Want something more than a dip in the pool or the warm waters of the Persian Gulf? My favourite adrenaline activity was a jet ski ride around the bay, as I always opt for speed, but other water sports include parasailing, banana and doughnut boating and stand-up paddleboarding in the resort’s private bays.

A man on a jet ski over gray and blue waters approaches a rocky wall on a coast backed by a golden yellow resort and brown mountains

Action-packed water fronts at resorts in desert lands, surrounded by mountains.

A row of seven orange and white kayaks on a sandy beach next to a body of water in the city of Ras Al Khaimah, UAE.

The local culture of Ras Al Khaimah

From a traditional souk and fish market to an abandoned “ghost town” of Al Jazirah Al Hamra and the bold Sheikh Zayed Mosque, a walk through pockets of Ras Al Khaimah city sheds light on the Emirate’s local culture: both the nomadic past, its continuing customs and its developing future.

Further information: The ghost town of Ras Al Khaimah and the pre-oil UAE.

Two men in white approach the light yellow Shaikh Zayed Mosque in Ras Al Khaimah.

A man, squatting, sells flatbread in bags next to the waterfront and port area in Ras Al Khaimah, UAE

A group of goats outside a farmhouse of white and yellow blocks, facing a low, pointed mountain range

A small row of shop windows in Ras Al Khaimah selling food and household items.

Some of the abandoned buildings in the town of Al Jazirat Al Hamra in Ras Al Khaimah. A ghost town with shells of abandoned buildings in the desert sands.

Al Jazirat Al Hamra – the ghost town of Ras Al Khaimah.

Rules of Ras Al Khaimah

Alcohol in Ras Al Khaimah

There remains confusion about alcohol consumption in the Islamic UAE. Despite a higher proportion of non-UAE nationals, the UAE remains a Muslim country, where local customs must be respected.

Alcohol can be purchased and consumed in most bars, restaurants and nightclubs in the resorts. Regulations on the purchase of alcohol here may be more fluid than those of its neighbours – for example, many people come from Dubai to Ras al Khaimah, as alcohol can be purchased from liquor stores without a license – although alcohol is not served in local establishments outside of these licensed stores and private resorts.

As far as flying with Royal Brunei Airlines is concerned, the airline is “dry”, meaning no alcohol is served on board. However, you can bring your own alcohol and drink it on board, something not found on other airlines.

Dress code in Ras Al Khaimah – Is it strict?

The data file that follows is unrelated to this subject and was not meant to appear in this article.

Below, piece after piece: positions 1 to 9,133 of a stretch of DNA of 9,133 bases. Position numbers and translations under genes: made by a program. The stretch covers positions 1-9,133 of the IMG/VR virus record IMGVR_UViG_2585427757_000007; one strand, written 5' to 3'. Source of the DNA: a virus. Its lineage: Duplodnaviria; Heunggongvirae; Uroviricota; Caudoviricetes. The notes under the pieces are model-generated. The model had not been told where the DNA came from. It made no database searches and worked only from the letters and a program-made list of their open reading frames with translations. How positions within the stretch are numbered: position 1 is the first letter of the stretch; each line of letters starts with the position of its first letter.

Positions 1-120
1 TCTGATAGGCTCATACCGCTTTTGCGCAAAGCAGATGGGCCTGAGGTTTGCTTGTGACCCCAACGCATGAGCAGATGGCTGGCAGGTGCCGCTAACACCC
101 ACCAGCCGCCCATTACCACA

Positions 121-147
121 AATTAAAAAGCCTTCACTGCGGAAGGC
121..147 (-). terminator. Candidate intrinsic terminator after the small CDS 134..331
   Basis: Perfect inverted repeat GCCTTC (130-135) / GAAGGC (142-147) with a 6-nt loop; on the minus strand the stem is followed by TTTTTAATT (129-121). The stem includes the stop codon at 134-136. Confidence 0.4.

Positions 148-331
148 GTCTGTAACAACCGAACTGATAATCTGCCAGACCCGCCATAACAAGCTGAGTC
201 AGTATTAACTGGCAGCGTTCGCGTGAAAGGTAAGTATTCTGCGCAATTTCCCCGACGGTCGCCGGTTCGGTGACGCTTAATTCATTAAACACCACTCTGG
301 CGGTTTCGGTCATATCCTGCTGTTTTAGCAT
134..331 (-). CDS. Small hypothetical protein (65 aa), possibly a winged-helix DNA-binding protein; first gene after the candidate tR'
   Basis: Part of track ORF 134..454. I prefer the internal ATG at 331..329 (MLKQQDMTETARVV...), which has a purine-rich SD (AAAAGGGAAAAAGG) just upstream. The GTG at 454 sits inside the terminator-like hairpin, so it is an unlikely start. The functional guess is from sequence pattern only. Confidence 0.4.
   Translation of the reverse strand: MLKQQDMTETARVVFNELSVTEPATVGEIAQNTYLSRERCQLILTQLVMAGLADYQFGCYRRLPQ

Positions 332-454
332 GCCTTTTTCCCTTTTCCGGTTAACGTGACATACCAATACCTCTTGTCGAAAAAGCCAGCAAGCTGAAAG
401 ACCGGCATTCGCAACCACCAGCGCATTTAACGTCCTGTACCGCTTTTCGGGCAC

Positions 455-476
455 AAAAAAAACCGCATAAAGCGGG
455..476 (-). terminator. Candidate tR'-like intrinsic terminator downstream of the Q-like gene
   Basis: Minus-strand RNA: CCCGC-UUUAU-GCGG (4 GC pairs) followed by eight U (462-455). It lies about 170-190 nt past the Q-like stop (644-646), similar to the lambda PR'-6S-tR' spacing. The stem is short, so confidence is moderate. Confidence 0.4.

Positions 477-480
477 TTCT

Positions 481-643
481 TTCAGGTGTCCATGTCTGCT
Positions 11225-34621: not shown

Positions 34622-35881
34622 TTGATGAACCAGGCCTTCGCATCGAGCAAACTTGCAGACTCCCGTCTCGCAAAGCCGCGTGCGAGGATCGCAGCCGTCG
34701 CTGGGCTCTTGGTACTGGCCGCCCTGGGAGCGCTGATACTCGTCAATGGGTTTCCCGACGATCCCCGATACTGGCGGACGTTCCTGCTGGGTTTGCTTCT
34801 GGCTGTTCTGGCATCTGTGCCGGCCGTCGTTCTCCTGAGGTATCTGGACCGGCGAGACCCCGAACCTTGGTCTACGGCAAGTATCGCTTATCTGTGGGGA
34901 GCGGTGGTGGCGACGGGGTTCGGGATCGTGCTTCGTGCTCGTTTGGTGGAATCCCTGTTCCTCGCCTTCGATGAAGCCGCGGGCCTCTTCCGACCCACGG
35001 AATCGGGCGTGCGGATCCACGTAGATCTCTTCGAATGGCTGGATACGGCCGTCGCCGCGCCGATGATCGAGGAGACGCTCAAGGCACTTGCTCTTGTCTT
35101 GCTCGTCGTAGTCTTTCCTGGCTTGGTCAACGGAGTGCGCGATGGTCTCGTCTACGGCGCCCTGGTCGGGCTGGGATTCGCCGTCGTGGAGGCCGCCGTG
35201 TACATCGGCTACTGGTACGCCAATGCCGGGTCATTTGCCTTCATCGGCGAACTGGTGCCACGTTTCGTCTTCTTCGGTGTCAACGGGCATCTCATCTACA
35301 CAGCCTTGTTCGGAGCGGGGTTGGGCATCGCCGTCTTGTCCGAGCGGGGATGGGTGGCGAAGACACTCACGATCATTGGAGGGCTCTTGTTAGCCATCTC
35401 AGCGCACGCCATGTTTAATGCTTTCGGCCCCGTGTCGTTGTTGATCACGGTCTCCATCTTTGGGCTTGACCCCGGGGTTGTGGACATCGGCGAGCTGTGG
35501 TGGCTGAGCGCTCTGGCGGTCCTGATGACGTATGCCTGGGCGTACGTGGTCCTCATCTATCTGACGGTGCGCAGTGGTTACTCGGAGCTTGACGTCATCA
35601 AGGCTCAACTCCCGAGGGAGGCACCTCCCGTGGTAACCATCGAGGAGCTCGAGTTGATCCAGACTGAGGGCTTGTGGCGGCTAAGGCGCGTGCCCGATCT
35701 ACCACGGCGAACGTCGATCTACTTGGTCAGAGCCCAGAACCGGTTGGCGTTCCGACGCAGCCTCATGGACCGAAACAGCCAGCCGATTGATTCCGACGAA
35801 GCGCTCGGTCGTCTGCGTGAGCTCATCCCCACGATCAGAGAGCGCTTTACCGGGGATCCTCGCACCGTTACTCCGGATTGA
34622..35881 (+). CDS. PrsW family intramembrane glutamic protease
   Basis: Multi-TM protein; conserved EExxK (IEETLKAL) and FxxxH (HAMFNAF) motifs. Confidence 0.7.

Ras Al Khaimah is considered the most liberal Emirate and is not as strict with the dress code for tourists to follow. However, modest dress is still expected, as well as the custom of covering knees and shoulders when entering a public place.

Is it safe to travel through Ras Al Khaimah?

There is a great deal of misunderstanding surrounding the safety of travel in Arab nations. Despite the political disputes in the Middle East region, the UAE remains neutral on these issues and is therefore almost detached from it. Therefore, security is not a concern, and I never felt uncomfortable here as a woman traveling in an Arab state.

Respect local customs and act appropriately, as you would in any culture that is significantly different from your own, and you won’t encounter any problems.

Do I need a visa to visit Ras Al Khaimah?

UK citizens do not require a visa to enter the UAE (via Dubai) and are granted entry for 30 days.

Citizens of the following countries can obtain a visa on arrival:

United Kingdom, France, Germany, Belgium, Luxembourg, Switzerland, Austria, Sweden, Norway, Denmark, Portugal, Ireland, Greece, Finland, Spain, Monaco, Vatican, Iceland, Andorra, San Marino, United States, Australia, New Zealand, Japan, Brunei, Singapore, Malaysia, South Korea, Hong Kong, Poland, Slovenia, Slovakia, Czech Republic, Lithuania, Hungary, Malta, Romania, Latvia, Cyprus, Bulgaria, Estonia, Croatia and Canada will get a free single visit visa on arrival in the UAE.

Visit the Visa Project for detailed information.

Currency in Ras Al Khaimah and the UAE

The local currency in the UAE is the Dirham, which can be obtained from ATMs at both Dubai airport and hotel resorts.

Why you should visit Ras Al Khaimah.

More than just a land of ornate desert, RAK has plenty to keep even the most curious travelers busy as it begins its journey to lure tourists to its wilderness.

Combining coastline and culture, mountains and historical mystery, it’s time to discover Ras Al Khaimah and see the UAE in a different light.

Plan a trip to RAK

Ras Al Khaimah from Dubai

Many choose Ras Al-Khaimah as a cheaper alternative to Dubai when it comes to travel to the Emirates. However, being neighbours, both are easily accessible to each other, regardless of how much time you choose to spend in each.

I travelled to Ras Al Khaimah in the United Arab Emirates (UAE) as part of a collaboration with Ras Al Khaimah Tourism, Royal Brunei and iambassador on a campaign called “Discover RAK”. All opinions are my own as I continue to discover the Middle East region.